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blooms, etc., less finished than Iron Ir.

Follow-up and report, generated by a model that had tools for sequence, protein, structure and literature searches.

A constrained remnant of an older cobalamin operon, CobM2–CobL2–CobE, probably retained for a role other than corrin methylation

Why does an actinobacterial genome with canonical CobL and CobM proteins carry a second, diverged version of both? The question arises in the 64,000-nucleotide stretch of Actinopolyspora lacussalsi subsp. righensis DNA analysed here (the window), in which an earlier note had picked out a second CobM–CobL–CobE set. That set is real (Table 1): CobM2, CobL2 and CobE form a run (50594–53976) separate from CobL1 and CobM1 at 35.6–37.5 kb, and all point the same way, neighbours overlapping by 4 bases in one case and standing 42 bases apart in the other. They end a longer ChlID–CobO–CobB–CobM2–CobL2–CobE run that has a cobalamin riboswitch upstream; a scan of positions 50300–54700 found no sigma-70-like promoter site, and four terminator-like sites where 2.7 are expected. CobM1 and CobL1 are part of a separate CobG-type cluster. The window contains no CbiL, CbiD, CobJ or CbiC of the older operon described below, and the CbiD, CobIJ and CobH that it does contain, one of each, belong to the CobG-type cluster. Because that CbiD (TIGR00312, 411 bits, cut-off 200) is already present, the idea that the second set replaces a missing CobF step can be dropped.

bars and more advanced than pig Iron was also restored. The house rate of two cents per pound was restored on polished sheets of Iron and steel. On taggers Iron or steel, tir. plates and terne plates, the house rate of 1% cents per pound: was restored. The house, however, receded from Its pro viso that the benefit nf the drawback proviso in Sec. 24 shall not apply to ar ticles manufactured In this country from imported tin plates, etc. Aluminum in crude form was made dutiable at 8 cents, and in plates at 13 ecnts per pound. The rate of 6 cents per pound on nickel, as provided, by the house, was restored. There was a general change of rates on lead, white acetate of lead being fixed at 3% cents a pound; brown, gray or yellow at 2% cents; nitrate at 2% cents per pound. There was generally com promise between the rates of the two houses. On mechanically grouniwood pulp the house rate ot one-half of one cent per pound, dry weight, was restored. The paragraph in regard to printing paper was entirely rewritten. As amend ed it Is as follows: "Printing paper, unsized, sized or glued, suitable for book* and newspaper? valued at not above 2 cents per pound, 3-10 ot a cent per pound; valued at 2 cents and not above 2% cents per pound, 4-10 of a cent per pound; valued between 2% cents and 3 cents per pound, 5-10 of a cent; valued between 3 and 4 cents, 6-10 of a cent; valued at between 4 and 5 cents, 8-10 of a cent; valued above 5 cents, 15 per cent ad valorem." There Is also a proviso exacting an additional duty of one-tenth of a cent per pound for each dollar of export duty per cord imposed by any country exporting wood pulp to the United States. The senate rate of 20 cents per package and 20 per cent ad valorem fixed on playing cards was reduced to 10 cants per paokage and 20 per cent ad valorem.' The house rates were restored on Port land, Roman and other cements. The house paragraph relating to the clays and earth was adopted; and the house rates on dried asphaltum and bitumen. On fullers' earth the rate was fixed at $1.50 per ton on the unmanu factured article and $3 per ton on that which has been manufactured. IN THE SENATE Putting in Time Debating the Bail road Debts WASHINGTON, July 19.—The senate, after assembling, went into executive session for over two hours, and on re opening the doors the conference report on the general deficiency bill was agreed to. Harris' resolution in regard to the Union Pacific railway was taken up, and Morgan (Democrat of Alabama) continued'his speech on the subject. He read a letter from a correspondent say ing that In the manipulations of stock the large shareholders had been pro tected, while the smaller holders had been frozen out. This was about to be done again. He hoped the president would: defer action, in order to enable congress to look into the matter. Harris of Kansas hoped a vote would soon be had. Thurston gave notice of Intention to discuss the subject In the future. Stewart of Nevada then took the floor. He reviewed'the history of the construc tion of the road, contending that It was a patriotic effort and not a scheme to rob the government. Harris, in refutation of this, called at tention to President Cleveland's stric tures upon Union Pacific management in his message of January, 1888. Stewart said he did not wish to ex onerate the company from payment of Just dues to the government, but ob jected to their being regarded: as crimi nals. He desired to have the whole mat ter closed. The resolution under con sideration would accomplish no pur pose. Thurston of Nebraska spoke in oppo sition to the resolution. He contended that the government had already risked enough money in the investment, and that without further expenditure it should proceed by the ordinary legal methods through the courts of thecoun try to enforce its legal rights, whatever they might be, and to secure repayment of all its dues on whatever property the courts shall find are justly subject there to. The proposition before the senate, ho said, stripped of technicalities, was . simply to invest another $34,000,000 and take the chance of getting it back on the ultimate sale of the road. 'At 5 o'clock an executive session was held and then adjournment was had. NOMINATIONS WASHINGTON, July 19.—The Presi dent today sent the following nomina tions to the Senate: Interior Depart ment—Charles H. Is'ham of Maryland, Commissioner for the district of Alaska; Edward Fox, Registrar of the Land Office at Clayton, N. M.; George Christ, Surveyor-General of Arizona; Alpheus Phanzen, Surveyor-General of Wyoming. Henry Dietrich of the District of Co lumbia, to be consul at Madgeburg, Ger many. THE SUGAR TAX WASHINGTON. July 19.—The treas ury department, taking 107.47 pounds of raw sugar, test ins 9ft degrees, as required to make 100 pounds of hard refined sugar, today made public a statement estimat ing the sugar differential as follows: Act Of 1894, 19.82 cents; house schedule, 12.33 cents; senate tichedule, 19.83 cents; con ference schedule, 13.92 cents per hundred pounds. California Fruit Prospects SAN FRANCISCO, July 19.—One of the leading fruit packers of Northern England, James Ashburne, of New Cas tle on Tyne, is here on a visit of both pleasure and- business. In speaking of the standing of California fruit in the English markets, Mr. Ashburne said: "In our country the fruit is well liked and always In great demand. Thus far we have only handled canned and pack ed fruits. The refrigerator cars have been tried and to. some extent have prayed successful. When the practi cal transportation of Callfornit fruit across the continent and. ocean has been lirought to a -.state of perfection, I have no doubt that your fruit will take a po sition as a considerable factor In our markets. This perfection in methods of transportation Is what English deal ers have been seeking for many years and we all look forward to the time when freseh fruit from California can be placed on the markets of London in good cundltion." A Heavy Failure CHICAGO, July 19.—Theodore Schnltz, a real estate broker, assigned today. Liabilities, $700,000, probably exceeded by large real estate- holdings. The assignment was due to a heavy mortgage indebtedness. STRIKE FUNDS To Be Raised by Railroad Employes MUCH SECRECY MAINTAINED AS TO THE MOVEMENTS OF THE STRIKERS ' Active Work Begun in the Coke Region to Induce Men to Quit Work Associated Press Special Wire. PITTSBURG, ra., July 19.—The strike leaders are maintaining the greatest se crecy regarding their movements, but it Is believed they contemplate calling on the railway organizations for assist ance. Secretary Warner gave out infor mation today that a meeting of railroad employes was held yesterday, at which the situation of the miners' strike was thoroughly discussed. Resolutions were adopted pledging support to the strikers, and each member was assessed $2 for the strike fund. Mr. Warner refused to divulge the name of the railroad em ploying the men, stating that it might lead to an Investigation an dthe dis charge of the men. From another source it was reported lo be a meeting of the conductors and brakemcn of the roadscentering in Pitts burg. It was not claimed that the action taken was at the suggestion of the Rail way Trainmen's' union. Active work has been commenced in the coke region and efforts will be made to bring out all the men at mines where the product is being supplied to Pitts burg. The mines at Leeohburg on the West Pennsylvania railroad have been closed. VIOLENCE AVOIDED CANONSBURG, Pa„ July 19.—The striking miners from Bridgeville who vis ited the Allison, Boone and Enterprise mines today for the purpose of Inducing the men at work to come out, dk-peresd i this afternoon, havin attained their object without trouble. Immcdlately upon the receipt of the news of the pro posed' raid the mine* owners at these pits ordered a suspension until the ex citement should die out. DEBS AT FAIRMOUNT WHEELING, W. Va., July 19.—Today was Debs day at Fail-mount, and it was the biggest day in the history of the town. People came from all the country around and jammed the courthouse and streets for blocks, but they came out of curiosity and not for sympathy with the strikers. This was shown by the fact that the Pritchard miners, who have been out, after hearing the speech, met and voted to return to work tomorrow. Tonight Debs gave It as his opinion that the region would be closed by Thursday, but the operatorssay the men now striking will be back at work by that time unless the agitators get out the men at work tomorrow. Debs was very cool and moderate in his talk and offended no one. All the men at Elkhorn and Thacker went to work today and Pocahontas and Flat Top miners voted to stay at work. There are only about SOO of the 4000 men who struck Saturday idle today, and this number is likely to diminish. On. the Ohio side everything is quiet. The reports that spikes had been driven Into the switches on the Wheeling and Lake Erie to derail trains at Dillonvat-: is untrue. A BIG WALKOUT SPRINGFIELD, 111., July 19.—Three thousand miners are reported to have walked out of the Southern Illinois Held today. NOT THE AIRSHIP Arctic Residents Puzzled by a Big Balloon VICTORIA, B. C, July 19.—Just about a year ago a great balloon-shaped body powerfully illuminated, was reported from the northern Interior of British Columbia by Indians who had no pos sible means of communication with others before making their almost sim ultaneous reports to the Inellan agents but who claimed to have seen It at points not too far distant to make it probable that it was the same object both had seen. The Indian.:' had all been warned to look out for Prof. Andre's balloon and they supposed it was this balloon that they were reporting. The fact that they had received this warning caused the skeptical to aver that the Indians' Imag inations had been at work and that there was no balloon or other aerial visitor about. Now a similar report comes from an other source. W. P. Fitzge raid, c in- Ployed at Ihe Wadhams cannery at Riv ers Inlet, wf-ltes that while fishing for salmon with a partner about 2:40 o'clock on the morning of July 10th. they saw a strange light in the sky, seemingly at tached to a monster balloon! They watched it until an hour after daylight when it disappeared.' Neit knowing that Andree had not yet ascended they thought that it was his balloon that they saw. WANTS WARSHIPS Japan Looking for Additions to Her Navy NEW YORK, July 19.—The- Herald's correspondent in Rio de Janeiro tele graphs that the United States and Japan have communicated with the povern ment of Brazil, with the idea of poMibte purchase of warships? now building for Brazil in England ami Germany. Owing to Brazil's financial plight at this" time, it was recently decided to Bell, before completion, If possible, all the war Veasels' being bull* for Brazil in tho two countries named. These are princi pally small boats. DEADLY INSURANCE People Poisoned to Secure Payment of Policies NEW YORK, July 19—The Journal and Advertiser Bay*! W. D. Robinson or Meridian. Miss., has been in, the city lis Vera! day,-' in consultation with tire officials' of some of tho national life In surance companies'. Higi object is to bring to light the facts in a conspiracy LOS ANGELES HERALD: TUESDAY MORNIiNG, ><J-t >i>97 ;o defraud insurance companies by in suring Invalids ar.d. w hen disease'failed. :o hasten the death of the victims by ni'tar.t' of poison. The scene of tho conspiracy is raldi to be- laid at Kemper county. Miss. Mr. Robinson's estimate of the opera tion of the coi.'ipiratorn. given after con with the New York Mutual' R eserve., the New York Life, the' Equitable and the Mutual Benefit of New York, le .' f.V.i ,ws: Policies in whiich'the mr-m --fcx ri appeared as beneficiaries, 100; num ber who died by disease, 30; numiber who di d' by poison, 12; number whose lives were a-ttem.pted, 15; cancelled, 60; amount cle ared'and elivlellsd by the plot ters. ;?T3,000; still to be paid and divided, J15.C00. Ir,' this connection the Journal and Ad vertiser re-views the, operations l of Dr. W. H. Llpe-comb of Scooba, Mis?, now under sentence of deaith for the murder of H. C. Stewart; Guy Jack, a Mississip pi merchant. Inducted for murder by the Grand Jury and out on bail, and other Miste'lf'Sipipi citizens. The Journal anel Advertiser claim.-, that the ramifications of the conspiracy in the South are prac tically sndleVD, TURF AND TRACK Great Pacing at Grosse Point—The Brighton Beach Races DETROIT, Mich., July 19.—About 5000 persons saw John R. Gentry and Robert J. pace exhibition miles at the Grosse Point track today. Gentry made the mile In 2:04%; Robert J. was a second plower. The track was In fine condition but the air was rather oppressive. Two class races were won in straight heats. Re sults: Three-year-olds, pacing, purse $1500— Pater.en Boy won, Red Seal second, Verr.a Stringwood third. Best time 2:11%. Two-twenty class, pacing, purse $1500 —Josephine won, Eight Star second, Pal myra Boy third. Best time 2:10. Special race against time —Robert J., to beat 2:01%, lost. Time,. 32%, 1:04%, 1.35%. 2:05%. John R. Gentry, to beat 2:00%, lost. Time :31%, 1:03%, 1:34%, 2:04%. BRIGHTON E'BACH RACES NEW YORK, July 19.—Results at Brighton Beach: One mile —Azure won, Mohawk Prince second, Emorional third. Time 1:46%. Five furlongs—Fleeting Gold won, Zcila second, Our Breezey third. Time 1:03. Six furlongs—Halton won, dead heat between Fireside and Bastian for place. Time 1:18. Mile and a sixteenth—Brandywlne won. Skate second, Manassas third. Time 1:50%. Six furlongs—Darian won, Julius Caesar second, Boy Orator third. Time 1:17%. Mile and three-quarters, hurdles—Sir Vas-sar won, Flushing second, Detective third. Time 3.25. ON THE DIAMOND Results of Games Played by the League Clubs CLEVELAND, July 19—Today's game was played on wet grounds and part of the time in the rain. Cuppy's poor pitching gave the Oriedes a big lead. The Indians could not hit Pond effective ly. Score: Cleveland 1, Baltimore 7. St. l/ouls'—McDermot made his debut with the- Browns today and w as pounded at will by the Giants. Score: New YVirk 11, St. Louis 6. Louisville —The Colonels won the game in the first inning, batting McJames for four earned runs. Score: Louisville 6, Washington 2. Cincinnati—About 8000 people saw the Reds defeated by the Bostons today. Score: Cincinnati 3, Boston 9. Chicago—The Colts won out In the ninth after a close and exciting game. Score: Chicago 7, Philadelphia 6. Pittsburg—Brooklyn-Pittsburg game postponed. Two games tomorrow. FADED AND GONE Death of the Lady Who Inspired Thomas Moore NEW YORK, July 19.—Mrs. Ame-lla Kohler is dead 1 at Mour.it Vernon. Had It not been for Mrs. Kohler. Tom' Moore might never have written "The Last Rose of Bummer." The poem was'of her suggestion ar.d the first line was from, her lips-. She' was, early in the century, a close friend ot Moore's sister and kept a private school In London. While walking in the garden of the school one day Mrs. Kohler, so the story goes, plucked a rose, remarking: "'Tis' the last rose of summer; why not write about it. Dr. Moore?" The incident suggested tire thoughts that were afterward so beautifuly wov en into verse, and the poem was dedi cated by the poet to "Amelia," which is Mrs. Kuhler's' first name. \ Mrs. Kohler was 92 years old when she died, and for twenty years had lived with hier daughter, Mrs. F. M. Saunders, at Mount Vernon. Her maiden name was Amelia Offergeld, and her father was an officer under General Biuche-r. The family home was at Aix la Cha.pelle. Mn=. Kohler often spoke of having s-een Napoleon In her girlhood. A BASE DECEIVER An Ancient Admirer Proves a Recre- ant Lover OAKLAND, July 19.—Mrs. Lttcinda WagniSr has been deserted at the thresh hold of the altar by Harry Roberts, a sweetheart of her childhood's days. Years ago in Missouri she and Roberts were frienfo. He heard of the convic tion of her son, Abe Majors 1 , for burg lary, and came here to offer her assist- Only a few weeks ago the approach ing wedding of the couple was announc ed. The vows of childhood hael been re newed. Roberts had become a boarder at the Wagner home. He took an ap parently deep interest in the boy Abe, at Folsom, and promised liberal fees to attorneys who should succeed In hav ing the youth transferred-to a State re formatory. Roberts, so they say, claim ed that he ow ned a large ranch in Mon terey county and had mines in Colorado. Now he has disappeared and his credi tors are mourning. Pensions and Postal WASHINGTON. July 17.—Secretary Bliss today approved, for patent to the state of California two lists of schools lands, embracing 28.000 acres In Los An geles ar.d Redding land districts. The name of the postofflce at South Riverside, Riverside county, Cal., has been changed to Corona. Charies H. Cormell has been commissioned post master. California psrslons have been granted as follows: Widows—Lucy Ann Martin dale of Santa Barbara. Minors; of David L.Tw Ihouse of Vlsalla. Original—Lewis W. Hickock of San Frarjcisco. COL. CROCKER'S WILL WILL BE OPENED AFTER THE FUNERAL Tho Railroad Magnate's Estate Will Aggregate Seven Millions and Possibly Very Much More SAN FRANCISCO. July 19.—The future management of the Crocket estate made necessary by the death of Col. Fred Crocker, First Vice- President of the SotttherU Pacific Com pany, which occurred Saturday night, is expected to devolve largely upon George- Crocker, but those who are in the best position to judge consider that some one outside the Crocker family will succeed to the office of First Vice-President of the big railroad corporation. It is ru mored that General Hubbard of New York may he offered the position if he. can arrange matters so that he can take up his residence in San rancisco, which he would necessarily have to do. Col. Crocker's will is locked in his private vault at the Crocker-Woolworth Hank and there It will remain until after th>: funeral, when It will be opened. The members of the family decline to discus.-, it at present, and Col. Crocker's lawyers do not feel at liberty to reveal its con tents. VALUE OF THE ESTATE Colonel Charles Frederick Crocker left an estate, says- the San Francisco Ex aminer, which is valued at not less than $7,000,000. In all probability the estate Is considerably larger. The administrators of the estate will look for It In two direc tions —the property which he held in his own name, and the property which stood in the family name. The former was com paratively limited. The great bulk of his w-palth was represented by his interest in the private corporation known as the Crocker Estate Company, one of the first corporations of Its kind to be formed in this city. In this estate company by far the greater part of the vast properties of Charles Crocker, one of the original three partners in the railroad, has been conserved for the benefit of his heirs. Ever, with Ihis knowledge now, no: even those who have the handling of the affairs of the company can give more than an approximate estimate of the value of the estate left by the oldest son of the first Charles Crocker. This esti mate, as stated, is probably $7,000,000 and may be over $5,000,000. Conservative business men would fix the value of the estate at $8,000,000 or more. The separate real estate owned by C. F. Crocker was small. The old home, his town house, on the southwest corner of Pine and Leavenworth streets, may be worth $75,000, and his newly pur chased country home, "Uplands," in San Mateo county, cost $130,000. Besides this there was his personal property, jewelry, plate, etc., for which last year he paid taxes on a valuation of $13,725. It may be that all told his separate property amounts to $250,000. The balance of the estate, rising high in the millions, is represented by the in terest he held in the Crocker Estate Com pany, the company's holdings being not worth less than $25,000,000. The in terest of the estate of C. F. Crocker Is one-fourth and so his estate —the interest of the Crocker estate and his separate property together—amounts to aJaout $7,000,000, with the proviso, however, that it may be much more. OFF FOR EUROPE The Bradburys Hope Soon to Be Forgotten NEW YORK, July 19.—John Brad bury, the Los Angeles millionaire, and his wife, Lucy Bradbury, who became reconciled to each other in Chicago a few day? ago, arrived at the Grand Cen tral station here early this evening. The Bradburys remained in their private compartment on the train during the en tire trip from Chicago. They seemed to be happy when they alighted from the train. Col. Bradbury said that the journey from- Chacago was most delightful anel referring to the reconciliation with his wife, said: "Yes, we are reconciled. We shall stay in New York a few days and then we shall journey to Europe. We have no definite plans as'yet. In fact we have ncrt discussed the matter very much on our way from Chicago here. I do not care to give my address in New York, It is possible that Mrs. Bradbury and my self will go to some seaside resort be fore we go abroad. Now, that Is all I have to say." Before getting Into his carriage Mr. Bradbury added that it was his belief that W. Russell Ward had exerted an undue Influence over his wife and that she would never have done what she did had it not been for his spell over her. "I am positive of this," he said. He further vouchsafed the opinion that the whole matter would be soon forgot ten and said that Mrs. Bradbury was Sincerely Barry for her act and attributed it to the powerful and dangerous con trol Ward had acquired over her. Southbound Passengers SAN FRANCISCO, July 19—The fol lowing passengers left on the steamer Santa Rosa for: Port Los Angeles—George Michols, J. Weedy, C. Michols, Mrs. Sweeney, Mrs. Page, J. Lashbrook, J. AVhittengtrr, Miss Cutler, Mi** Noble, R. Lieub, 11. Michel!, Mis? Bailey, Miss Davis, Miss< McFaddsn, Mrs. Spencer, Mrs. Lane and daughter, Miss Lewis, Miss Dyke, J. Boyd. C. Eggert, Thos\ Craft. Redondo —Mis-.? Hamme, Miss Phimp ton, Mir?. Cohi... MispHattie, Wm. Eu." Sell, A. Fowler ar.d wife, W. Colwellar.d wife, A. Stoll, Miss Gaylcrd, Mrp. Hart, Prof. Dupont. wife and daughter. Miss Ball, R. M. Uliken, W. White, Miss Al exander, Miss Griffin, Win. Haskell and wife, Mrs. Powers, Mrs. Densmore, Miss Clark, W. Densmore._ San Diego—Mrs. Heath, Miss Shea. Miss Kullak, Mr*, White, Miss Auger, Mrs. Brcdsoe, Mis* Peyton, Miss Trent. Miss Incemse-y, Mrs. Bart.ing.Mrs. Rlppo and two children, rs. Nilson, Mrs. Ham son, Mrs. Beach, Miss Scott, Mlis Boyd, Miss White, Miss Maxwell, Mrs. Lind say. J. Ingales. Santa Barbara—Mrs Smith ar.d sister, H. Van Winkle, Mis? Forbush, Miss Lord, N. Crooks, Dr. Moore, Mrs. Mills. A Murderer Lynched ATLANTA, Ga., July 19.-rA special tn the Constitution from. Columbus, Ga.. says: Dr. W. L. Ryder, who on Easter Sunday a year ago shot to death the young woman who had rejected, him, wa3 tonight taken out of the Jail and Is probably lynchedi Only the news of the bare fact that he was forcibly seized and taken from the sheriff's custody at 8:30 tonight can be learned in Columbus up to this hour. Midnight—A special came in about 9 oclock that Ryder had been taken from the sheriff and put to deßth.' HARRIS' SUCCESSOR Governor Taylor Appoints T. B. Turley of Memphis JOHNSON CITY. Term., July 19—Gov. Taylor this evening made official an nouncement that he appointed the Hon. Thomas n. Turley of Memphis United States senator to succeed the late Isham G. Harris. Thomas B. Turley Is a native of Mem phis and Is n years of age. He served In tho Confederate army with the Maynard rifles. Company L. Fourteenth Tennessee regiment, and was twdce wounded. He was captured In Ihe battle of Nashville and was n Federal prisoner at Camp Chase, c, until March. IMS, when he was exchanged and sent south. Since 1870 he has practiced law 111 Memphis. He has never held public office. The Gun Was Loaded SANTA CRUZ, July 19.—At the resi dence of Judge S. P. Hall of Oakland, at Felton, Leon Eve re, son of a promi nent Oakland' business? man, was shot and "killed by the 10-year-old son of Judge Hall. Young Evers was unwell and was reclining on a couch on the porch watching the preparations of Judge Hall und his son to go on a hunt ing trip. Young Hall was handling one of the guns when It exploded,, the con tents entering the lungs and'left temple of the prostrate youth. He died before medical aid arrivedi A Princely Duel ROME, July 19.—The Popolo Romano ■ announces that the count of Turin has | been challenged by Prince Henry of Or leans to a duel for the calumnies* ar.d In tuiting remarks he is alleged to have ut tered at the expense of the Italian of ficers recently released from captivity In Abyssinia. Prince Henry had de clined to fight with the Italian lieuten- I ant who had been designated by the drawing of lots to challenge him. Sacramento Tax Roll SACRAMENTO, July 19.—The county board of equalization has made a re duction of $1,623,950 from the assessor's roll of $39,469,860. Of this $1,541,000 is? taken off the arbitrary assessment of $2,157,000 made by Assessor Berkey on the national bank of D. O. Mills and 1 company. Other reductions amount to $82,950. A.s finally adjusted the county roll amounts to $36,835,910. Wyoming Weather CHEYENNE, Wyo„ July 19.—Very heavy rains have prevailed throughout Southeastern Wyoming and' Western Nebraska today, causing numerous washouts along the railroad. Tonight the east-bound Union Pacific flyer is tied up at Medicine Bow by a washed out bridge at Miser station. The Rescued Miner PHOENIX. Ariz., July 19.—Miner Strvcr.s, who fasted 1 and thirsted, for thirteen days in a caved-ln drift of the Mammoth mine, at Gold Fields, is convalescing andi rapidly regaining his -strength. He is considered out of all danger of a fatal termination tohis fear ful experience. Catholic Questions LINCOLN, Neb.. July 19—From tho rostrums of the Konmn Catholic churches of Lincoln it was formally announced yesterday that the differences existing for some time between Bishop Bonae-um and several of the priests nad been set tled to the satisfaction of both factions. A Randsburg Road BAKERSFIESLD, July 111.—A mortgage was filed for record here today from the Randsburg Railway company to the Roch ester Trust & Safe Deposit company for $300,000. The object is to build a road from Kramer, a point on the Santa Fe. thirty five miles east of Mojave, to Johannes burg, via St. Elmo and Randsburg. CALIFORNIA OPINION The Outrageous Tariff Bill It is not a "free trader," but an old time Republican protectionist who character izes the senate tariff bill as "the most outrageous one ever given to the people of this country." Senator Teller, who voted for the bill because he believed in giving the Republican party the full re sponsibility which should accompany power, says this.—Riverside Enterprise. Sending It Home Say. you bicycle-boys that talk so much about good roads. Suppose you petition the city trustees to levy a special tax of $5 a year on each and ejrery bicycle for the benefit of the street sprinkling fund. That wouldn't be- much to pay for the luxury of the many miles of du;'.less ar.d chr.ckholcless streets it would "provide. —Riverside Enterprise, ✓ The Greed for Gold The stories of untold wealth to be had in the Alaskan gold fields will doubtless tempt many a poor fellow to brave the Inclement climate and the hardships In cident to a winter in the frozen north in the hope of fpeedlly enriching himself; and the great majority. If they return at all, will do to hungry, forlorn ar.d foot sore.—Bake v.- field Californlan. They Can See More The Christian Endeavor convention has been the means of bringing more people- to California than anything that has occurred since ISS6-7; ar.d the best of it Is that thfti'2 who have come later can sec more t" induce them to remain than did many of their predecessors.— Long Beach Breaker. Astonishing but Necessary The senate has pased a resolution di recting Secretary Alger to proceed with Hid work on Snn Pedro harbor for which congress has made an appropriation. It is astonishing that any action of the sort taken by the senate should be required. —Riverside Enterprise. Eat Ripe Fruit You need not be afraid of eating ripe California fruit. Eat all you want of It. Some people think ripe fruit causes dis orders of the stomach and bowels. Not so. The trouble Is that the fruit is either unripe or too ripe.—Pasadena News. Making Good Headway If Alaska Is working up a boom to se cure a United States senator or two. It must be admitted that It It making most excellent headway at it. The first thing necessary Is population.—San Diego Sun. Almost Eeyond Belief It Is almost beyond belief that good citizens can be prevailed upon to lend their aid in turning loose upon society the very worst of criminals. But sO It frequently is.— Viealia Times. A PIONEER JUBILEE TO COMMENCE AT SALT LAKE TODAY Of the Two Thousand Pioneers of 1847, Six Hundred and Fifty Will Parade SALT LAKE, Utah. July 19.-The pioneer jubilee will he ushered In tomorrow morn ing, and for the remainder of the week will be witnessed one of the greatest celebra tions ever seen in this intermountaln coun try. Visitors have been pouring into the city all day and tonight the streets are crowded with people. The Oregon Short Line railway brought in crowded trains from the southern part of the state during the past twenty-one hours, and the same road ran special trains from the north to accommodate the large traffic coming from Idaho and Mon tana points. Other roads centering here have also been carrying heavy trains and by tomorrow morning It is expected that the number of people in this city will ex ceed anything ever known in Its history. All the buildings along the principal streets have been richly decorated in many colors. Tonight Main street from the Temple to Third street Is almost a solid blaze of electric lights, hung in beautiful design from one side of the street to the other. An extensive program has been arranged for the four days' entertainment. Tile exercises for tomorrow begin with a national salute at sunrise by the survivors of the Nauvoo Legion. At 8 oclock a salute will be given by Bat tery A, National Guard of Utah. At nine oclock the pioneers will assemble In Old Fort square and march to Main and South Temple streets, where the monu ment in honor of Brlghnm Young and the pioneers will be unveiled. Of the 2000 pioneers who entered Salt Lake valley In 1847 there are only six hun dred and fifty survivors. The»e survivors have each been presented with a gold badge valued at $10, the work of Tiffany & Co.. New York. The badge presents typi cal figures in the early history of Utah and including an accurate medallion portrait of President Brlgham Young. The Bicycle's Moral Influence The wheel is affording a wholesome outlet for energies that would otherwise be wasted In- frivolity or actual dissipa tion, and in elevating the physical is also raising the moral tone of the youth of our land. The half-grown boy who formeily thought it manly to fuddle hi? brain with liquor or weaken his heart with tobacco hECS- changed his Ideal to the not very lofty but certainly more Innocent one of maintaining a reputa tion for speed or endurance, and while in training he proudly forgoes badi hab its that he would be ashamed to abandon as a mere matter of principle. Tr,3 use of strong liquors among the class of young men from whom cyclists are largely drawn Is on the wane, and ever, "soft drinks" are used with increasing discretion. All of this means not that the bicycle is to be used by everybody, nor that it is to be the physical and moral salva tion of the age, but that It Is aiding in a tangible manner in the solution of The fetaess lan The Housewife Tie Student He Farmer Will find "The Herald" most complete and entertaining. It is a paper that contains more substantial, terse news than any other in Southern California. Every day there is something in it of particular interest to every body. Comitate \ The Latest Telegraphic News The latest Market Reports j The Brightest Editorial Reading jj The Latest Sporting News lU The Exact Political Situation ; |j The Entire City Happenings Ij The Latest Southern California News [| j] . The Current Social Events , 'j The News of the Theaters jj The News of Mining j| i The News of the Courts The News of the Big Stores i The Latest Foreign News ! The Brightest Stories Fair and unbiased Criticisms j! on all popular subjects || And all this for 7? cents a month by carrier or $9 a year by mail Agents in Every Town in California or ... . The Herald Publishing Co. 222 West TMrd Sirest LOS ANGELES, CAL. many problems, social, economic, moral and hygienic—Dr. A. L. Benedict in tha Century. Disadvantage of Minor Aristocrats. To be related distantly to people ot rank Ir- a calamity; it gives the unhappy family social ambitions, and Still not the power to lift themselves- above snubs. They become -social shuttlecocks, and sec em-outagement where only a little is given. Their anxiety and desire to please make them helpless and the play things of the more fortunate, and old age finds them with no definite position, but with the same object in life; the gates still shut In their faces—but hop ing. An Englishman can tell at once in just what particular walk of life every other Englishman is; consequently, at heme every Englis-hman Is made to know his place, and it Is not fsurprising that (j-ome of them find comfort abroad. Jean Ingelow Ill LONDON. July 10—Jean Ingelow, tha distinguished poet and novelist, now In her seventy-seventh year. Is seriously 111. The Beauty, IS ENFORCED BY HEAI7TH. IN MAN Atj well as woman a bright eye, clear com-i i plexion and happy deposition depend upon j the condition of the nervous eystem. Br 1 overwork, or other causes, men watte tha power of the nerves, and the bright «p»rkl» leaves the eye, giving place to a dull, lan i quid look, which tells of the power lost j Nature gives us Electricity to build up 1 weakened nerves, to restore the power of i manhood and womanhood. Dr. Sanden'a Electric Belt is the perfection of all th* latest discoveries in electric self-treatment. It is worn while you sleep, and in the morn ing every nerve, every vital organ, ll sat urated with Electric energy, animal mag netism; the nerves tingle and leap with lor at the recovery of their lost force, the eye •grows brig-liter in a day, the step quick, and i the whole body gives evidence at a MW- J found strength. "Dr. Sanden's book, "MaU Wife and Mother." is a work that every lady should read. It tells you all about a cure from the many troubles peculiar to women. It is free upon application as well as "Three Classes of Men," a work on Electricity (or men., Sand an Electric Co. South Broadway, corner Second Street, I.ms Angeles Cal, Office hours-8 to (1; evenings 7 to 8; Sun days 10 to 1. Dr. Sandsn's ElectrlcTruss Cnres Rnptnre 3